Purl’s colleagues are stereotypical “bros”. They make loud, vulgar jokes, they constantly talk about hitting the gym, and rowdily leave en masse at 17:00 for all-you-can-eat wings happy hour. When Purl gleefully bounces into the office, they’re dumbstruck and speechless, with no idea how to relate to her. Almost immediately, they start ignoring her in meetings, and ditch her when it’s time for after-work hangouts.
It’s an example of tribalism, which can be damaging to both individual workers and the companies that employ them – when people are in an environment where everyone looks, sounds, acts and thinks the same, it can create an echo chamber and cyclical system that only includes and rewards the same kinds of people over and over. (All the photos on the “employee of the month” wall at B.R.O. are of white men sporting the same grin.) Study after study has shown that more diverse teams are more innovative, more successful and make better decisions than homogenous teams do.
Eventually, Purl reinvents herself as a two-dimensional, defeminised caricature in a suit. She copies their behaviour to the point where she becomes one of them. She swears, she’s aggressive in meetings – and she’s instantly accepted. (In a montage later with the boys, she throws up strings of green yarn-vomit after a heavy session at the pub.)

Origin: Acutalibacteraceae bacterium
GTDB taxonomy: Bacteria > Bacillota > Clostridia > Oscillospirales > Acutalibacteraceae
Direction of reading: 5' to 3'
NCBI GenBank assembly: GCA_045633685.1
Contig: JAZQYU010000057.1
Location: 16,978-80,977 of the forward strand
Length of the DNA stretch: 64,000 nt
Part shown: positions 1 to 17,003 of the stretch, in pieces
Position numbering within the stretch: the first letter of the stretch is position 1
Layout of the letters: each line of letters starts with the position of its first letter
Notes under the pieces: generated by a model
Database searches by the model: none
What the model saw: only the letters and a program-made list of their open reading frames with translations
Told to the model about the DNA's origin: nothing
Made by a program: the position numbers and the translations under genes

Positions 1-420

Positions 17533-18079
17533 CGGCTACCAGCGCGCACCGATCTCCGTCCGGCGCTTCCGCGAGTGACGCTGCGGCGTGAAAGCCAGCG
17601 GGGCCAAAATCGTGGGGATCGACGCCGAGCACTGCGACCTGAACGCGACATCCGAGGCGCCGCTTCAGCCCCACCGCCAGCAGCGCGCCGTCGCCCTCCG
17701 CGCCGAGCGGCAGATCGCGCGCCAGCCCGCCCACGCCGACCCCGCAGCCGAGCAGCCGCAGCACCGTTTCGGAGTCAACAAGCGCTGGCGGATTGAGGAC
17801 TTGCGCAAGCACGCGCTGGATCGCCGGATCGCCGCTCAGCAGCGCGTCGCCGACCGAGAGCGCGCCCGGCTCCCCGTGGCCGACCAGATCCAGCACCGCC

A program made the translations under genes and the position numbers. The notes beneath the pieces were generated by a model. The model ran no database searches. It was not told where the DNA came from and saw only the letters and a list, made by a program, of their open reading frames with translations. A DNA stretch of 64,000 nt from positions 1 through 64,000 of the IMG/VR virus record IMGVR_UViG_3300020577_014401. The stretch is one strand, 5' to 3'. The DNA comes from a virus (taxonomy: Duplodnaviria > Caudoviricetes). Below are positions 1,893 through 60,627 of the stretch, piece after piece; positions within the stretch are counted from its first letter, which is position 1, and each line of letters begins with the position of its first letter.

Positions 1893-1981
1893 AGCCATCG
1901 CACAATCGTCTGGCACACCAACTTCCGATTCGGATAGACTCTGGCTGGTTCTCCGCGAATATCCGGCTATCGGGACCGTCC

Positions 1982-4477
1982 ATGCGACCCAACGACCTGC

Between the cursing and the on-screen regurgitating, Purl isn’t typical Pixar fare. But that’s exactly what Pixar has aimed to do: Purl is one of six short films in an experimental series called “SparkShorts”. The company gave a handful of employees of varied backgrounds six months and limited funds to make their own films based on their personal stories, allowing for more latitude and edginess.
Why depict women as balls of yarn?
“We can change into whatever we want in order to negotiate a situation where we feel uncomfortable,” Lester says. “This idea of shape-shifting and ‘knitting new personas’ was something I thought could be a cool metaphor.” At her early jobs, Lester says she had to do little things, like self-edit her conversations around her male colleagues, to fit in. One example was avoiding referencing films that she feared were viewed as “too girly”.
“I didn’t want to be associated with those things because I felt it emphasised that I was different,” she says. “So, I would choose to reference movies that I knew my male coworkers had watched and liked. It got my point across, but it wasn’t the movie that I had personally connected to.”